Freshly painted fences make good neighbors

Eighth grade students of Saint Vincent de Paul School, Mays Landing, paint the white picket fence of Bruce and Cathy Foster, who live next to the school. Over the years the Fosters have formed a strong bond with the school community.

Some people might find living next to an elementary school less than ideal. But Bruce and Cathy Foster have found decades of pleasure in their good neighbors at Saint Vincent de Paul Regional School in Mays Landing.

“It’s a joy… like music,” said Cathy, referring to the sounds of children playing at recess.

The Fosters have watched generations of children grow up at Saint Vincent de Paul. Members of Saint Peter Methodist Church in Ocean City and lifelong educators, their two sons attended public schools in Mays Landing. But the Fosters are like favorite grandparents to Saint Vincent de Paul students.

“They are angels sent from heaven,” said Bruce of the students.

Shortly after the start of the school year, a group of eighth graders noticed the Fosters’ fence had been power washed, in preparation for a paint job that was never completed. When they learned Bruce had hurt his back after falling from a ladder, they decided to get paint and brushes and do the work as a class. School maintenance manager Joe Dougherty brought their offer to the Fosters, who happily said yes.

What better day for the project than Sept. 27, the feast of the school’s patron saint, Vincent de Paul?

Grateful for the fence job, Bruce arranged for a pizza party for the young painters and furnished treats for Halloween. In turn, the Fosters received “the best blueberry bread ever,” compliments of the students’ elective cooking class.

Chef Bruce is considering culinary options for a Christmas meal with the eighth grade. “The kids are so polite. They always say thank you,” he said.

In their 44 years as neighbors, the Fosters have helped with snow removal and attended fairs in the school parking lot, enjoyed the energy of open houses and Princess Day, watched the building of an addition, and delighted in the sounds of “happy kids.”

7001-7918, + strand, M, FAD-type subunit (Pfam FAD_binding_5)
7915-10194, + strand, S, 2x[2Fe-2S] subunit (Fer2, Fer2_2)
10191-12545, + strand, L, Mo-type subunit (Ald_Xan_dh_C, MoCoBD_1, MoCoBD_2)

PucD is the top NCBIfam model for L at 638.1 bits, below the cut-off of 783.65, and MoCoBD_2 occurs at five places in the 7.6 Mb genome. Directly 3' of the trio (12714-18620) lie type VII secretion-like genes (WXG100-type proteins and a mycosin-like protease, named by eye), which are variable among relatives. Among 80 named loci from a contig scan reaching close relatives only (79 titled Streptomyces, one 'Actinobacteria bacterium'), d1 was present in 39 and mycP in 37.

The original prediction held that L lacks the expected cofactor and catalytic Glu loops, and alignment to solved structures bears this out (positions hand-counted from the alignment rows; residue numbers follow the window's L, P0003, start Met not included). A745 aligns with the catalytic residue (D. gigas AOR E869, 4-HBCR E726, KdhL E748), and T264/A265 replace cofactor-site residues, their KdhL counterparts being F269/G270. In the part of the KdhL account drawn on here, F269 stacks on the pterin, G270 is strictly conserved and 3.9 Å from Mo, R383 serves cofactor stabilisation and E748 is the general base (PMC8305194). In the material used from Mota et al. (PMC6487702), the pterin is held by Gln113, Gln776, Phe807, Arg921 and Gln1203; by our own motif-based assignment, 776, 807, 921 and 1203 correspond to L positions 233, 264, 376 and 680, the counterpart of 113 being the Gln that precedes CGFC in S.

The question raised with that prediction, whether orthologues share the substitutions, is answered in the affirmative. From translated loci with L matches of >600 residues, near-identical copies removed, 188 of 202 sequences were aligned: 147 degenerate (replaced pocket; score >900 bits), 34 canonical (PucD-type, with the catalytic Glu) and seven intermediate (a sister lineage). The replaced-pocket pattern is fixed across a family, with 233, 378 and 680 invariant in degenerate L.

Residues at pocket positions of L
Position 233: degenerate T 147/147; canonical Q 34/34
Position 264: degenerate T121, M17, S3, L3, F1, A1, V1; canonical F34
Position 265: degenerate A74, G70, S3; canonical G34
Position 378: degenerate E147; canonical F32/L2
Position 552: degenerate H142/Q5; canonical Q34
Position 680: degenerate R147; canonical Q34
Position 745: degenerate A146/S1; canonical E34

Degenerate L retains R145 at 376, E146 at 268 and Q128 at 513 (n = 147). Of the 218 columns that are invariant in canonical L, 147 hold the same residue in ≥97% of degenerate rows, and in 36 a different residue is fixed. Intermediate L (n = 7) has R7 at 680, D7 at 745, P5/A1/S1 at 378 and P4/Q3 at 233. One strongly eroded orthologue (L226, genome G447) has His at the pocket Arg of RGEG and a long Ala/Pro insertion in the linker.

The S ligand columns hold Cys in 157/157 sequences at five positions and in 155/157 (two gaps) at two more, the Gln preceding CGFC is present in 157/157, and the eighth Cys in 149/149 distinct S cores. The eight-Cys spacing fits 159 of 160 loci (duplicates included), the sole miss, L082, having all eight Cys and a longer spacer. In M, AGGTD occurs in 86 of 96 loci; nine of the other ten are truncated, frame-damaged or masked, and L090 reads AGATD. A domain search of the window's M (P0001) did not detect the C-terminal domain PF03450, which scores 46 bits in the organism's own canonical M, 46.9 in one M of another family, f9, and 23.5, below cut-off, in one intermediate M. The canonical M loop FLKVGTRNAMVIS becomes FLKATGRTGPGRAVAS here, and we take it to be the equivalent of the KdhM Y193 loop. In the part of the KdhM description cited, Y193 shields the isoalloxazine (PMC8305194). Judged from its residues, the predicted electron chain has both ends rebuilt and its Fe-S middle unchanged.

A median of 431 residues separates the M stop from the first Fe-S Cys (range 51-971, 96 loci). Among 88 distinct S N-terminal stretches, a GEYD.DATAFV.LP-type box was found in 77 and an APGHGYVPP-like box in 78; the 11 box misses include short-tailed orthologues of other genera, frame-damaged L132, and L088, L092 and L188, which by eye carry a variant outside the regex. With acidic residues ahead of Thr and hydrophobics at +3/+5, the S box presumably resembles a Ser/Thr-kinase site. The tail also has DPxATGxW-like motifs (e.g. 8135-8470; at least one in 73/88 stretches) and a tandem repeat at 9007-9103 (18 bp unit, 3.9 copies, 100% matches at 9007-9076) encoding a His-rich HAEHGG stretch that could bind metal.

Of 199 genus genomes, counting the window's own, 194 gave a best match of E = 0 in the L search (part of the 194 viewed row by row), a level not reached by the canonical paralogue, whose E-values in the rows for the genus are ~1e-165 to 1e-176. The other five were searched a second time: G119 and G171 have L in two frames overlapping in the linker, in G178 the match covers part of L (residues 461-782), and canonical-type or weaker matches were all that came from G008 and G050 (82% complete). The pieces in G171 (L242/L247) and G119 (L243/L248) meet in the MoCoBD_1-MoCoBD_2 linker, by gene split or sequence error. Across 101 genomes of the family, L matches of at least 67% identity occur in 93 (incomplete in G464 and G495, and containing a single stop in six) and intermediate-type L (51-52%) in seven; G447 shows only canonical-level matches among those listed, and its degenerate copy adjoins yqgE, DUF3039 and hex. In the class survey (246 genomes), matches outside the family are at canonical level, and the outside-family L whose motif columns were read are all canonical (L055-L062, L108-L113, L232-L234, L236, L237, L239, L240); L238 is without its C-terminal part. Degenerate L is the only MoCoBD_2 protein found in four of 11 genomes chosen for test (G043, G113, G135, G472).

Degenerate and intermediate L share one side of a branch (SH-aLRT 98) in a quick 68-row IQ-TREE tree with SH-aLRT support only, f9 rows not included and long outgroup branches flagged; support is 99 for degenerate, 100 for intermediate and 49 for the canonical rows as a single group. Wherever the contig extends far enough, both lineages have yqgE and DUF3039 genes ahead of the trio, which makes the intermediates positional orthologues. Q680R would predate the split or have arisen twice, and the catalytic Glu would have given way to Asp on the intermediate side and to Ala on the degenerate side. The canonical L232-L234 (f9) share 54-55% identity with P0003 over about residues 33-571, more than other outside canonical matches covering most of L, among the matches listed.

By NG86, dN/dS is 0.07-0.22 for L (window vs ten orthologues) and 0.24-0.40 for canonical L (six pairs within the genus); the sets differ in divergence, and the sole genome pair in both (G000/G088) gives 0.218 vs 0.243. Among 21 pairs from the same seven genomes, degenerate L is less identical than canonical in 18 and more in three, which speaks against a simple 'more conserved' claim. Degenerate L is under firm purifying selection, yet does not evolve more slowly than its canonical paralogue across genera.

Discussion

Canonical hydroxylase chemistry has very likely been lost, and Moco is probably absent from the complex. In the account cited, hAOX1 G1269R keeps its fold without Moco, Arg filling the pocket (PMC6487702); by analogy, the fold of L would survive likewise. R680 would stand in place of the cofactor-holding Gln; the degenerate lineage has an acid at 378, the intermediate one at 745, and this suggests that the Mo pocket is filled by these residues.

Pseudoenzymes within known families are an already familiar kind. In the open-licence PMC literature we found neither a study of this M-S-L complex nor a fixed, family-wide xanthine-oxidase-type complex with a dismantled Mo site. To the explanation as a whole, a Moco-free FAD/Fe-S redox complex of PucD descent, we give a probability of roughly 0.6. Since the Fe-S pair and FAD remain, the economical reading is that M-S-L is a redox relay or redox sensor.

Even their late dog, Samantha, was part of the Saint Vincent de Paul family. “Eighth graders couldn’t graduate if they didn’t know Samantha’s name,” said Cathy.

Built in 1961, the school has been there longer than the Fosters, but Bruce recalls the spot from his youth, where a sub shop and pool hall stood in its place. “I remember being yanked out of there. I wasn’t allowed [in],” Cathy quickly added.

The Fosters met when Cathy was a freshman and Bruce a senior in separate high schools. “I used to drive her to Teens Against Polio meetings,” he said. Somewhere along the line, driving turned to dating and dances, and the couple married before Cathy took her final exams at Bucknell University. They spent time in Florida while Bruce earned his doctorate in education, but found their way back to Mays Landing and the “house next door.”

Many of the Fosters’ neighbors and friends attended Saint Vincent de Paul School. Cathy remembers taking a walk in the neighborhood and meeting a little girl in a swing. “She said her name was Elizabeth, and I asked her if she had any brothers or sisters. She told me she had six siblings,” said Cathy, her wide eyes registering the surprise she felt decades earlier. The Fosters’ sons, Rob and David, became fast friends with Elizabeth’s family, and were connected to the school for years through the seven children.

The Fosters know school teachers and administrators as well. Cathy recalls the Sisters of Saint Joseph, who founded the school. “The nuns were so nice, very strict,” she said.

“I’ve known Mrs. Q. since she started teaching there,” said Bruce of eighth grade teacher EvaMarie Quattrochi. In her 21st year at Saint Vincent de Paul, Mrs. Q said she has been inspired by the developing relationship between the Fosters and her students, whom the couple have “adopted.”

Student Mason Medolla has created a special connection with Bruce. The day the class painted the Fosters’ fence, Mason learned Bruce is a University of Alabama football fan. With a simple “Roll Tide,” the Alabama rally cry, Mason and Bruce have their own language.

Health issues and the sudden loss of their son David in 2013 have challenged the Fosters over the last several years, but their warm spirit shines in Bruce’s twinkling eyes and Cathy’s broad smile. They stay busy — connected with their church, friends and grandchildren — and travel to Alabama to spend time with son Rob and his family. When home, they welcome any opportunity to interact with the Saint Vincent de Paul community.

“If the Malibu’s not in the driveway, we’re gone,” said Bruce. Otherwise, their doors and hearts are open.

Mary Beth Peabody is Communications and Marketing Manager, Office of Catholic Schools, Diocese of Camden.